PhD students win 2016 Qualcomm Innovation Fellowship

May 2016

EE PhD candidates Spyridon Baltsavias and Junyi Wang have been selected as one of eight winning teams in the 2016 Qualcomm Innovation Fellowship.

Their proposal "Advanced Ultrasound Sensing in the Modern Wireless World: a Miniaturized Ultrasound Transducer System for Biomedical Applications" was reviewed by Qualcomm Research's top engineers. Spyridon and Junyi were then invited to present to a panel of executive judges. Winning students receive a one year fellowship and are mentored by Qualcomm engineers to help facilitate the success of the proposed research.

Congratulations to Spyridon, Junyi, and their advisors, Professors Amin Arbabian and Butrus T. Khuri-Yakub. A description of their winning proposal follows:

 Ultrasound is an invaluable technology that is widely used today in hospitals as an imaging and diagnostic tool. An example ultrasound system is the ultrasonic endoscope, which doctors use to probe the gastrointestinal (GI) tract of a patient and diagnose a variety of diseases and cancers affecting hundreds of thousands of people each year. Existing systems however have several limitations: they tend to be bulky and power-hungry, while procedures are expensive, and even traumatic for patients.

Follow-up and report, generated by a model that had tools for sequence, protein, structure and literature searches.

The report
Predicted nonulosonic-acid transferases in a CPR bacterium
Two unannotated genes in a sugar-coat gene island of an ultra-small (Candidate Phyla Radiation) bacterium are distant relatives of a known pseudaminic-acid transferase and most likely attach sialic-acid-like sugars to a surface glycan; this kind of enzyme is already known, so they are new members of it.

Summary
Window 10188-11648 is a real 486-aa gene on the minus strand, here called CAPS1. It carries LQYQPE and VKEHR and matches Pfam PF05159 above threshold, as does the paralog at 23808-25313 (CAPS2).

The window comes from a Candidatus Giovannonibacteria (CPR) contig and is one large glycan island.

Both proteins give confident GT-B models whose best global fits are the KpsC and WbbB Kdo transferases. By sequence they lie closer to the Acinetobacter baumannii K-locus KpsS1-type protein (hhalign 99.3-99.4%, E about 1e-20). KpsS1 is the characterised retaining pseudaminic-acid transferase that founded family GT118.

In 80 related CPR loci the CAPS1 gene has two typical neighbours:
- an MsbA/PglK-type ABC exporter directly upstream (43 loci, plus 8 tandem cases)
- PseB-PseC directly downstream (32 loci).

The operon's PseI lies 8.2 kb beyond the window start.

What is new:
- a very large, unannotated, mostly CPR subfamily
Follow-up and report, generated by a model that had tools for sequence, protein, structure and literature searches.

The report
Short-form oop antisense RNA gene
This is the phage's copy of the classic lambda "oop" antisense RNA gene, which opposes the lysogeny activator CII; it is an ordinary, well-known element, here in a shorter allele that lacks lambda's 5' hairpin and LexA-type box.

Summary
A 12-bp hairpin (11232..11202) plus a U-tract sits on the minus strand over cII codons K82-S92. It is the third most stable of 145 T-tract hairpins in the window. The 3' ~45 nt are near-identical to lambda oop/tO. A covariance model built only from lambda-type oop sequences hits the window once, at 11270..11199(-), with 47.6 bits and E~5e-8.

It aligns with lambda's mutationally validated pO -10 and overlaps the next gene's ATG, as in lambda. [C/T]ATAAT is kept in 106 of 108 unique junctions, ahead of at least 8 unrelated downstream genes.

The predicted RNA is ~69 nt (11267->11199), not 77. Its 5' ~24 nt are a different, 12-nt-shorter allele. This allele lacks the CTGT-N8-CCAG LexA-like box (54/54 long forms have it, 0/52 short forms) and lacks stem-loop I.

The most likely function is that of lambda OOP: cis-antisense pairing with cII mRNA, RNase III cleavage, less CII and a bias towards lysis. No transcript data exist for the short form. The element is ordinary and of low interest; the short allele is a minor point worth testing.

What if we could take the technology from the stationary, bulky form factor, and shrink it down to a disposable pill that can be swallowed at the convenience of the patient? This idea resulted in our proposal for the Qualcomm Innovation Fellowship, where we introduced our miniature ultrasonic ingestible pill, to be demonstrated as a promising alternative to the GI endoscopic procedure. We envision our system to operate as follows: after the pill is swallowed by a patient, it travels through the intestinal system. By emitting and receiving ultrasound waves, ultrasonic "cameras" around the pill take images of the walls of the tract, as well as deeper layers and even surrounding organs. Then the captured images are wirelessly transmitted to a device worn by the patient, such as a smartphone, and can be used by medical experts for diagnosis and screening for bleeding, cancerous tissue, and other diseases.

Although ambitious, we believe our idea to be feasible through the combination of advanced electronics and advanced imaging techniques. Using flexible capacitive micromachined ultrasonic transducers (CMUTs) developed by Professor Butrus T. Khuri-Yakub's research group, and an application-specific-integrated-circuit (ASIC) with RF wireless capabilities, jointly being designed by Prof. Amin Arbabian's and Prof. Khuri-Yakub's groups, we aim to bring this project to fruition and develop a platform that could in the future enable a vast array of exciting new biomedical and consumer applications on and inside the human body.